Effects of Dehydration on Athletic Performance

Hitting the gridiron, ice, or court… fall is right around the corner and that means sports are in full swing. Student, pro, and semi-pro athletes are practicing hard to prepare themselves for the season. Competitors of all varieties put in long hours in order to be their best, focusing on workouts and good nutrition. However, there is one major factor to successful workouts and games that can easily be overlooked… hydration.

Dehydration can turn into an athlete’s worst enemy. Optimal athletic performance is dependent upon more than just training; it requires vitamins, minerals, rest, and adequate hydration. In particular, hydration can be an overlooked and undervalued component of peak athletic performance.

Researchers have found that sitting at a desk can lead to dehydration without visible sweating or exercise. Imagine what that means for athletes pushing their bodies to the limits out in the elements. A dehydrated athlete with 2.5% loss of body weight in the form of water can experience up to a 45% loss in the capacity to perform high-intensity exercise.

Here are the top 4 reasons that dehydration has an adverse impact on athletic performance:

  • Reduction in blood volume– Dehydration can cause an increase in blood pressure. This occurs because dehydration reduces blood volume, your body then has to compensate by retaining more sodium in the blood. When the blood becomes more concentrated and thicker it is more difficult to circulate causing your heart to work harder.
  • Decreased sweat rate- Sweat is one of the ways our bodies regulate temperature and is made up of about 95 percent water. If you aren’t taking in enough water, you aren’t able to sweat. When the body cannot effectively regulate temperature you are putting yourself at an increased risk for heat stroke and heat exhaustion.
  • Decreased heat distribution- Dehydration limits cardiovascular and thermoregulatory responses. This leads to an increase in core temperature. For every 1% decrease in body weight as water there in an increase in core temperature of .10 to .40 degrees Celsius.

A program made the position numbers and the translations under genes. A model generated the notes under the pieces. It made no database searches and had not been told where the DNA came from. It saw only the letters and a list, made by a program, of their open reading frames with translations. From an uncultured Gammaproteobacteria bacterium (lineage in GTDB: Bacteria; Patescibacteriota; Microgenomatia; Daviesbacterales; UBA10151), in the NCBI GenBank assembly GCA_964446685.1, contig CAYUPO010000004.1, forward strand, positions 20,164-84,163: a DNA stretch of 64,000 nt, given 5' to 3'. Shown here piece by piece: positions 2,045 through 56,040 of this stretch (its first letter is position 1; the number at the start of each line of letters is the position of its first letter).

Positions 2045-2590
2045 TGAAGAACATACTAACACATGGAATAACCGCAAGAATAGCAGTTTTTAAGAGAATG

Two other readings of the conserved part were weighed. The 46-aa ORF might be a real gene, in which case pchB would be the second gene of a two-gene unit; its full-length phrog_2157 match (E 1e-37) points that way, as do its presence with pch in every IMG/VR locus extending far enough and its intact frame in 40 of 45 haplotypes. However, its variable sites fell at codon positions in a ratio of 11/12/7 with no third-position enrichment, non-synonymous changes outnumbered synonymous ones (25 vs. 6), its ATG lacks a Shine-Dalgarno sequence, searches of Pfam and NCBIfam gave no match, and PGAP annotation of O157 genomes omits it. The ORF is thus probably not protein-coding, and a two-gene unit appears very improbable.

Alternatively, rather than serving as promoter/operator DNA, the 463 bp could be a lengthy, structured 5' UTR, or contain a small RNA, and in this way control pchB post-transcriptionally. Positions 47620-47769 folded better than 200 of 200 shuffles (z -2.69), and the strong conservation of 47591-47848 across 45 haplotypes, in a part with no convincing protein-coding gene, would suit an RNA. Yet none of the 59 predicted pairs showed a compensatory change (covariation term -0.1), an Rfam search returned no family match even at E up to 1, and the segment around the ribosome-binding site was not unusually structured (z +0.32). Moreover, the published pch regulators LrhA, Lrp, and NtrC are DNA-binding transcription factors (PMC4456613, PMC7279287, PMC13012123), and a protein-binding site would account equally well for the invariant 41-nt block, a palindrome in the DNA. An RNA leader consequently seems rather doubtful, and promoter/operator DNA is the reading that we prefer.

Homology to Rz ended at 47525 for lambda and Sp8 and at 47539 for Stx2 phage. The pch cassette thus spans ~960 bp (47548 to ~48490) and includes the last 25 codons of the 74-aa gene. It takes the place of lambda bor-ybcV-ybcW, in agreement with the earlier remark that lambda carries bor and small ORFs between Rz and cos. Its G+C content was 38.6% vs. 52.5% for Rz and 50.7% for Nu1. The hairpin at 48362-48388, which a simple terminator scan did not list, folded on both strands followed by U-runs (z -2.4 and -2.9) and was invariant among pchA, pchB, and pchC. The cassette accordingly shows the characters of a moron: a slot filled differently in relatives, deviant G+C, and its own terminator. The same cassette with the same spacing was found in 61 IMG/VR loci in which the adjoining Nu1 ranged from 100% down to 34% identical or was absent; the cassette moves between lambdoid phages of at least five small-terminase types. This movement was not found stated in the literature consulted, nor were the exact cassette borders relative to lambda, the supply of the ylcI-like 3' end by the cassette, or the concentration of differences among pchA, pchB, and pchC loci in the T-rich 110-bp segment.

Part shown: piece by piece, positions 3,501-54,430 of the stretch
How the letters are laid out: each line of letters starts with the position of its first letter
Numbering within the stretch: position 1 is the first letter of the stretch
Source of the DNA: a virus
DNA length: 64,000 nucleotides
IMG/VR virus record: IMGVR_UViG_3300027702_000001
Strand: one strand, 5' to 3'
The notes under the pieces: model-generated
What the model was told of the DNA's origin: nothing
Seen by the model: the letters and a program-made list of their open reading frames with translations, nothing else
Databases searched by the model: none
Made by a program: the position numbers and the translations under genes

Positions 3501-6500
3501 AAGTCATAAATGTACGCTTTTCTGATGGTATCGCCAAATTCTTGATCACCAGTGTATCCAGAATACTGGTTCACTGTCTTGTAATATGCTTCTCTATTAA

• Increased rate of muscle glycogen use- Muscle glycogen concentrations decrease during prolonged exercise or athletic activity. Glycogen serves as a form of energy storage. Depleting glycogen contributes to muscle fatigue.

Proper hydration and electrolyte balance will optimize athletic potential, boost energy levels, lead to proper muscle and nerve function, allow your heart to work more efficiently, and help you think more clearly.

For athletes looking to stay healthy and perform their best IV Hydration can be the perfect solution. An IV before a major athletic event is a great way to get the hydration, electrolytes, and vitamins the body needs to function at optimum levels. An IV after a major athletic event can help your body quickly replenish lost water and nutrients. Unfortunately, the effects of dehydration take athletes out of the game all the time and can have serious consequences on overall health. IV Hydration gets you back in the game and performing your best.

 

 

 

 

 

Sources:

National Institutes of Health
National Center for Biotechnology Information
Point Health